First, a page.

Financial spread betting is exciting, it’s potentially profitable and whilst it may take a lifetime to master, and it takes only a few minutes to learn how to play. Those are the headline plus points. Inevitably, there is more to this relatively recent innovation than this description alone, and it is worth knowing precisely what is involved before deciding whether or not FSB is appropriate for you.
FSB was pioneered in the 1970s when it was originally set up as a vehicle enabling a small number of London brokers to bet on the price movements of gold. The advent of the internet and the digitalization of the world’s markets means that anyone with an internet connection is now able to enjoy that same derivative-based mode of investment on stocks and markets that extend well beyond the price of gold alone.
Today, numerous specialist firms provide apps and highly sophisticated desktop trading screens that enable players to access thousands of different markets around the world. For example, London based providers Tradefair offer their clients three different suites of software depending on whether they want the sort of casual (or follow up) mobile access that a smartphone allows or more comprehensive desktop packages that provide fully up to date market and stock news-feeds, histories and graphs.
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Derivative based trading
The derivative based nature of FSB takes as its model the Contracts for Difference that have been used in formal stock markets since the 19th century. There are subtle distinctions between the two, but the essential characteristic of both is that they represent an investor’s judgement as to whether a stock will either rise or fall. This binary logic is the fundamental engine of FSB. In effect a player makes a judgement as to whether he thinks a particular stock is about to either rise or fall. He then places a bet with a provider such as Tradefair on this basis. Like all responsible providers Tradefair spread betting entails highly detailed education and training information.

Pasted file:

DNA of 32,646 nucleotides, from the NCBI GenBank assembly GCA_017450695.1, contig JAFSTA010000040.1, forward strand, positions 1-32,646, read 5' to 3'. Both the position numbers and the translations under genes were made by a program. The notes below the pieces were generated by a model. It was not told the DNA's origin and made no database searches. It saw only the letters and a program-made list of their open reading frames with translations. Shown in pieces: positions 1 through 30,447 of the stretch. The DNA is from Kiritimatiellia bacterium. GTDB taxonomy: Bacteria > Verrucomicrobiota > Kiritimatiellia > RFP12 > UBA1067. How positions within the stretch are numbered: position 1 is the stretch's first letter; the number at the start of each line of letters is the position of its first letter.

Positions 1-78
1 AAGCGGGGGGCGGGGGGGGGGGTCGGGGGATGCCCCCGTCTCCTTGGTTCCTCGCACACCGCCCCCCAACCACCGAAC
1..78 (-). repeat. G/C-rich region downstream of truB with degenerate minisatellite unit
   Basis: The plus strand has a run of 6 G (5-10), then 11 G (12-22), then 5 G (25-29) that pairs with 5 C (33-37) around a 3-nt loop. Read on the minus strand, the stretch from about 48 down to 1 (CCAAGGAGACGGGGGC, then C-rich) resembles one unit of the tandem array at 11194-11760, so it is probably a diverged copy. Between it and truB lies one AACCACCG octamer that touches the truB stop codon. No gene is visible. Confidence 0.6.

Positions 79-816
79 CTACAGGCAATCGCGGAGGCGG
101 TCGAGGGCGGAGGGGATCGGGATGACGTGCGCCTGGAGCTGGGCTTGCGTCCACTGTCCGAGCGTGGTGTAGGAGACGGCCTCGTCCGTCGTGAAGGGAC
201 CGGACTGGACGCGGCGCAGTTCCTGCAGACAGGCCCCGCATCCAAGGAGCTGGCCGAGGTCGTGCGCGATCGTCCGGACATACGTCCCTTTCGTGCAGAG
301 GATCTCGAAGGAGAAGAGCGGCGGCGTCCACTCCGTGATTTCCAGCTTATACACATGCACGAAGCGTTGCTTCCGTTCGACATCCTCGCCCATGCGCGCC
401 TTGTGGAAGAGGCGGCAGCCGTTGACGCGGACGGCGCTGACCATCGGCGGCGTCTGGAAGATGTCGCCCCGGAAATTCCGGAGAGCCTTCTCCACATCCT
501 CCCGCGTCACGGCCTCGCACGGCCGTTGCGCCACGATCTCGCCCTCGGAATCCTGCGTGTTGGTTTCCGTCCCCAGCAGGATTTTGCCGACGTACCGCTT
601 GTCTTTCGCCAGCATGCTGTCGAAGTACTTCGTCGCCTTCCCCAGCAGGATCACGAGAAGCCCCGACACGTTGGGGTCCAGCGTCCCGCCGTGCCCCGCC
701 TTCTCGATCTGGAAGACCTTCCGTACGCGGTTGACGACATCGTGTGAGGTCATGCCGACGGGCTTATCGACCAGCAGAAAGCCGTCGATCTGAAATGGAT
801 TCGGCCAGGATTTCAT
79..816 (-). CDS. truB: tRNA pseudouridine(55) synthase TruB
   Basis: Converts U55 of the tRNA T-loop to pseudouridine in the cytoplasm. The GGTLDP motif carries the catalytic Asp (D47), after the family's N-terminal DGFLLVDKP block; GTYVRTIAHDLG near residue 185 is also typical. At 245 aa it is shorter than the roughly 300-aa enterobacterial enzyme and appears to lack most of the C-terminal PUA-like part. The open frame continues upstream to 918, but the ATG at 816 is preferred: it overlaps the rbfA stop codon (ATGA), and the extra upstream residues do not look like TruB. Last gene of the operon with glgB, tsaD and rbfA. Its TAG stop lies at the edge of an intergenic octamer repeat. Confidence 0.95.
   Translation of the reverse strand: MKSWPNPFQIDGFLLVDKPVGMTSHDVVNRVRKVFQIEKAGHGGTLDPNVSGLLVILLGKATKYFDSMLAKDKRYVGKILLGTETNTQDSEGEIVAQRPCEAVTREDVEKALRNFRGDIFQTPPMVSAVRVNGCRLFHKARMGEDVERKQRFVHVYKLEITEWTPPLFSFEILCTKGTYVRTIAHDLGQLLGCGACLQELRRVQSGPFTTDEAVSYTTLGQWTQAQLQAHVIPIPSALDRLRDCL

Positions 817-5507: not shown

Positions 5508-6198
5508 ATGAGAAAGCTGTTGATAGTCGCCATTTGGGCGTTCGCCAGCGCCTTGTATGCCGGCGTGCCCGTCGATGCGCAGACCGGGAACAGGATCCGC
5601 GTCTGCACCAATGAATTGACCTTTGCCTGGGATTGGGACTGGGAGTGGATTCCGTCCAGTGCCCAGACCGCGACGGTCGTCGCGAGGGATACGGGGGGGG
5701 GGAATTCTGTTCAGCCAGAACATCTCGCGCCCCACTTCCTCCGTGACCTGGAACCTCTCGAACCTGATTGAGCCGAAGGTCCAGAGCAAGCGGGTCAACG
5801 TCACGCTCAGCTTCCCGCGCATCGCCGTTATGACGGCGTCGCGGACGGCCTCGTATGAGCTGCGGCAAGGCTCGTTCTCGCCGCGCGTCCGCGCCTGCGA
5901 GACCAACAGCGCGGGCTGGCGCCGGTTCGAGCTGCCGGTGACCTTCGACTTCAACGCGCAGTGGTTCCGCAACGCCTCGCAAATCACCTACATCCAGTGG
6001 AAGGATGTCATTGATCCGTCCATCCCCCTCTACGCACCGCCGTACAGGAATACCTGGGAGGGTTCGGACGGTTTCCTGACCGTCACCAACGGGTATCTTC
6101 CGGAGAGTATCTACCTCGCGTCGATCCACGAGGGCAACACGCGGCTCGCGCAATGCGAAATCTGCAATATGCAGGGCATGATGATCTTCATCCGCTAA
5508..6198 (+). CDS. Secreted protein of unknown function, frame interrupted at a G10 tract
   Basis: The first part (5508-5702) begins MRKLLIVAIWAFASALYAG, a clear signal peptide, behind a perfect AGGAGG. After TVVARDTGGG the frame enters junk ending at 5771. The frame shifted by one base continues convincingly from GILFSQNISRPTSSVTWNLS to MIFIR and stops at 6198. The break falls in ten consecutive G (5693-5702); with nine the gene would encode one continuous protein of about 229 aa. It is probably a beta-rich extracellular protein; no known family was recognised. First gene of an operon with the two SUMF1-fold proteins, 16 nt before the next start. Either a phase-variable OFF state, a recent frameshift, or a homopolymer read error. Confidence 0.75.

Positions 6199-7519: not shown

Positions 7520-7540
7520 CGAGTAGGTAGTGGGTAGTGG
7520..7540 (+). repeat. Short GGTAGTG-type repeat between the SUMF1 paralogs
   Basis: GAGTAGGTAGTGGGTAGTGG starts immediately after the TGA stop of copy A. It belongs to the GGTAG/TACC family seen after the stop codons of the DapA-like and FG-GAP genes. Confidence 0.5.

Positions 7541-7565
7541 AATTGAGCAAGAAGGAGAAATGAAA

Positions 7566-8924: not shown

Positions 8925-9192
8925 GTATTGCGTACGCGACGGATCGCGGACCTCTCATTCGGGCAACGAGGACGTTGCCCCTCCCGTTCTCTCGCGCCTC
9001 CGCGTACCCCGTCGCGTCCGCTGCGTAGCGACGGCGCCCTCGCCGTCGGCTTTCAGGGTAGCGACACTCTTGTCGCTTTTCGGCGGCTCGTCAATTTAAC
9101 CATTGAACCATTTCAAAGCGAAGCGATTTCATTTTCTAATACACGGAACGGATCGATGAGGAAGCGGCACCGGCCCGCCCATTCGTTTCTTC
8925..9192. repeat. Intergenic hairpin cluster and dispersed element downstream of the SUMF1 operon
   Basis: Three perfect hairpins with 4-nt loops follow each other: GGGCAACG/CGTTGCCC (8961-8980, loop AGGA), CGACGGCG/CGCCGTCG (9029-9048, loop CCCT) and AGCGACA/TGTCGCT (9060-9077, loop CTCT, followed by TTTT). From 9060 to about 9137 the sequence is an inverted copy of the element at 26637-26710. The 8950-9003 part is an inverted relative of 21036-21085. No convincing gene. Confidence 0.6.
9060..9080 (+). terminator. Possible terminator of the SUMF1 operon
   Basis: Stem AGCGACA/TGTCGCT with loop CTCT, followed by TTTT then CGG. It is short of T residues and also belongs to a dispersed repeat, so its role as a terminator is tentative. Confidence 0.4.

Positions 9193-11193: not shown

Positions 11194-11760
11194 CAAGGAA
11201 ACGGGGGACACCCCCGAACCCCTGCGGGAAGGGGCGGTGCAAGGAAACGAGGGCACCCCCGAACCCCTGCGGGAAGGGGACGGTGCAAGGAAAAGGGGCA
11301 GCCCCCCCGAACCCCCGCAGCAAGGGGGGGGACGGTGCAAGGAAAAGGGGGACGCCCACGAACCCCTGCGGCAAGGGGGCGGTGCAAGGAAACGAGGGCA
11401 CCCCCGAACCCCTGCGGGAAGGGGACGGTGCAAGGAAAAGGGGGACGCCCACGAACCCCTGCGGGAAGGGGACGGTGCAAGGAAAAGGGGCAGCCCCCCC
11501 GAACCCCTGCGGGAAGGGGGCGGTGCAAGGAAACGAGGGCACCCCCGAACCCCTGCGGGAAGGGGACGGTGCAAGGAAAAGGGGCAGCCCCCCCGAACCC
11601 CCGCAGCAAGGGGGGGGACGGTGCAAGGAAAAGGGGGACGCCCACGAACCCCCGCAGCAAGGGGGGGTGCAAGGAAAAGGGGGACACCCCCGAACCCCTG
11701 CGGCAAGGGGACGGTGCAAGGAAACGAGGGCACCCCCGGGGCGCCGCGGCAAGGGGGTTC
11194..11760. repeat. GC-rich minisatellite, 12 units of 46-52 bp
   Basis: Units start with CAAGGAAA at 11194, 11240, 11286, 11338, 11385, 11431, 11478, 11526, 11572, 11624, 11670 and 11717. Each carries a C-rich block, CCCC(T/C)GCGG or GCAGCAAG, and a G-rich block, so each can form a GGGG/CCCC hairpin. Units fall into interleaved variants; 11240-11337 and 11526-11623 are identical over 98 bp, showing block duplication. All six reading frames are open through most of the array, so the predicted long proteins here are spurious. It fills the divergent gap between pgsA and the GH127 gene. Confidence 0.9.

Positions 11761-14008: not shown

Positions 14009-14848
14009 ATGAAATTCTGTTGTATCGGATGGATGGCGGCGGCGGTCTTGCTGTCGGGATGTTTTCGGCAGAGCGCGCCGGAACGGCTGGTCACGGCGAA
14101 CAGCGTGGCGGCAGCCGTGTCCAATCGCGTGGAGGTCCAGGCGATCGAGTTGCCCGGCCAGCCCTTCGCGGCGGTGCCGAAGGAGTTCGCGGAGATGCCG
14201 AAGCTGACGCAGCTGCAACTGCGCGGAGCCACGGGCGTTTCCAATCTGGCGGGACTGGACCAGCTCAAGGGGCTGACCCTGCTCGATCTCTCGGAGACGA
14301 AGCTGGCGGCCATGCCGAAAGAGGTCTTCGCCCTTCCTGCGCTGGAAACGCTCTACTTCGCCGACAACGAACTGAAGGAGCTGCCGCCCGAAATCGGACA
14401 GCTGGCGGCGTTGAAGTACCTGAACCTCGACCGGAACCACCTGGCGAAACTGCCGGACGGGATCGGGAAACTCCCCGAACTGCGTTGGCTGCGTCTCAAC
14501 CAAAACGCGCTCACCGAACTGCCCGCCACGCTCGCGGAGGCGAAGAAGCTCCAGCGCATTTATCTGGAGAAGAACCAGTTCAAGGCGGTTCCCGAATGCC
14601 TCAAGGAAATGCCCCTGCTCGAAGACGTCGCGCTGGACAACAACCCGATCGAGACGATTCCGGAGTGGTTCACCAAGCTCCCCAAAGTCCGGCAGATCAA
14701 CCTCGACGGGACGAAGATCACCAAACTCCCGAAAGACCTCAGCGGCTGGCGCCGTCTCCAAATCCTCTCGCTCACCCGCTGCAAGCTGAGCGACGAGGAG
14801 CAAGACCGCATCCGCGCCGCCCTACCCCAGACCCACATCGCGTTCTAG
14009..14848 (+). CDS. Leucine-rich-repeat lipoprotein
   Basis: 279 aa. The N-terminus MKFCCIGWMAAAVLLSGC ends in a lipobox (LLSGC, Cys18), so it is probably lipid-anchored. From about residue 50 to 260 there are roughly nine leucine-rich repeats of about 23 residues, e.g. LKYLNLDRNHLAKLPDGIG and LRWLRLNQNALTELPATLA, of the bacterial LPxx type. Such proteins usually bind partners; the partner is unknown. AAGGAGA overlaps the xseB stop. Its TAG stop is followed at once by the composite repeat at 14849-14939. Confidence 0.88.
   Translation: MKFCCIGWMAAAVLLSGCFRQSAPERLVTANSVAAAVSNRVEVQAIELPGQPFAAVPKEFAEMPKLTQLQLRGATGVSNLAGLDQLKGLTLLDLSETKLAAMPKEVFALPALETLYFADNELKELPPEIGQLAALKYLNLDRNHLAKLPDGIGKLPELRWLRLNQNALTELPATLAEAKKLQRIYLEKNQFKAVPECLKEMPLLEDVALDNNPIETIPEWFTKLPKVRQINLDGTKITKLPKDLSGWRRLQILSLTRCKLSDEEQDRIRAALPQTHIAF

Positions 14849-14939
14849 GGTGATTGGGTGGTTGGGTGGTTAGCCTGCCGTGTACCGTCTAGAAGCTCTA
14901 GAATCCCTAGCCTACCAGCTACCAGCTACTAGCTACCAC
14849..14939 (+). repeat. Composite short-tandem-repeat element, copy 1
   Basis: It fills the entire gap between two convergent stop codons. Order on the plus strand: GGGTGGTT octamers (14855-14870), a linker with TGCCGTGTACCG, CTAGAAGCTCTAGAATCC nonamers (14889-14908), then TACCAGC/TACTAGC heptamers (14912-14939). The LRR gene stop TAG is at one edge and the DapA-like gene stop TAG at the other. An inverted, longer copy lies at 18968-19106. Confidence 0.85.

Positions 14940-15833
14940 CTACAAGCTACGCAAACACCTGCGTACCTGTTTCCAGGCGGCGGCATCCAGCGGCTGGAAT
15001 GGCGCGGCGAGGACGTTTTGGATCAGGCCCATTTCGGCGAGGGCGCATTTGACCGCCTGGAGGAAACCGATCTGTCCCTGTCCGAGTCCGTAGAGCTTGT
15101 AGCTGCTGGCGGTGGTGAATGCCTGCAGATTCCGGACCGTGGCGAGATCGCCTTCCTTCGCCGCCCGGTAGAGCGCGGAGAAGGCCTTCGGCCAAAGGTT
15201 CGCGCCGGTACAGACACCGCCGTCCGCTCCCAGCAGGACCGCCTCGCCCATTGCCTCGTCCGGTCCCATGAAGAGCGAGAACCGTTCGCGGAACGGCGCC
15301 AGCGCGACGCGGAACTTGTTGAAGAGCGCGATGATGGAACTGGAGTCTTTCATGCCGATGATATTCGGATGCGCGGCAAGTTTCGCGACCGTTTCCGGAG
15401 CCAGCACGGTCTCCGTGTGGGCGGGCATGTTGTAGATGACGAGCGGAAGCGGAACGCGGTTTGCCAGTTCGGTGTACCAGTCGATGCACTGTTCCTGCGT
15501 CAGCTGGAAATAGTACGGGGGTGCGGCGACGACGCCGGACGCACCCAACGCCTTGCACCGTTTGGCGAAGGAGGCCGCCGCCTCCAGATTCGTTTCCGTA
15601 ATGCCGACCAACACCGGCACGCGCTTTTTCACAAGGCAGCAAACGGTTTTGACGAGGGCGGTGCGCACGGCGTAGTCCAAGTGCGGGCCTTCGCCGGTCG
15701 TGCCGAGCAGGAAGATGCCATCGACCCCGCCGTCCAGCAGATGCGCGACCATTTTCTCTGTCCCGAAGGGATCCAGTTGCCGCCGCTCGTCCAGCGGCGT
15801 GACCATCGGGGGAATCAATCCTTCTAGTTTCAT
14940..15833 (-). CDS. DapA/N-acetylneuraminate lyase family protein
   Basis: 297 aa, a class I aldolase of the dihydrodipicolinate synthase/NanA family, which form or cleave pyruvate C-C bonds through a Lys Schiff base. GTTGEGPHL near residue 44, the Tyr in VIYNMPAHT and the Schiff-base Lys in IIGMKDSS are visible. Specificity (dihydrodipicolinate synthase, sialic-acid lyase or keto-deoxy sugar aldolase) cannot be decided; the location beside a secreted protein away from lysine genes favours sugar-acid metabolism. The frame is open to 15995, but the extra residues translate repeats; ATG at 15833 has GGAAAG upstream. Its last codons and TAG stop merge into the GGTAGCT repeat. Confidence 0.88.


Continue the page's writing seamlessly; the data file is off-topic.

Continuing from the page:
Access all traders
Rather than actually buying stock such a bet involves no trading fees and no commissions. It is therefore possible to ‘invest’ in small amounts that would simply not be viable for trading actual stocks. Like any spread bet, profits and losses are pegged against the player’s declared stake and he wins (or loses) a multiple of that stake that the market moves. If his judgement is correct there is scope to generate rapid profit. There is, correspondingly, considerably more than the initially declared stake at risk, so any potential reward carries an equal level of risk. FSB is not for the faint-hearted.
For example if the market moves by ten points in the player’s predicted direction a $10 stake will generate a $100 return. Necessarily, if the market moves in the opposite direction to that predicted and if the bet is not cashed out quickly, losses will be equally as dramatic. Responsible providers including Tradefair will close out users’ positions if it appears that they are running up unsustainable or unattended losses.
Typical trades are executed in just a matter of minutes. Rather than big one off trades, the majority of sensible players accumulate profits from serial small bets that are managed with pre-set stops that allow them to automatically cash out whenever an acceptable profit is achieved or when the movement appears to be heading towards a more serious loss.
A niche offering
FSB remains a niche activity, relying as it does primarily on a certain level of financial and market awareness. However, amongst those who use it regularly FSB enjoys a high level of popularity. It is also even used by full-time traders as a means to avoid the tax hit that a profit arising from the sale of stock would accrue. Because no stock is ever actually owned there is no tax liability whatsoever.
There is no doubt that FSB has plenty to commend it. However, like any such speculative activity, it does require that players make themselves fully aware of the risks as well as the trading mechanisms involved.
Photo by Dave Dugdale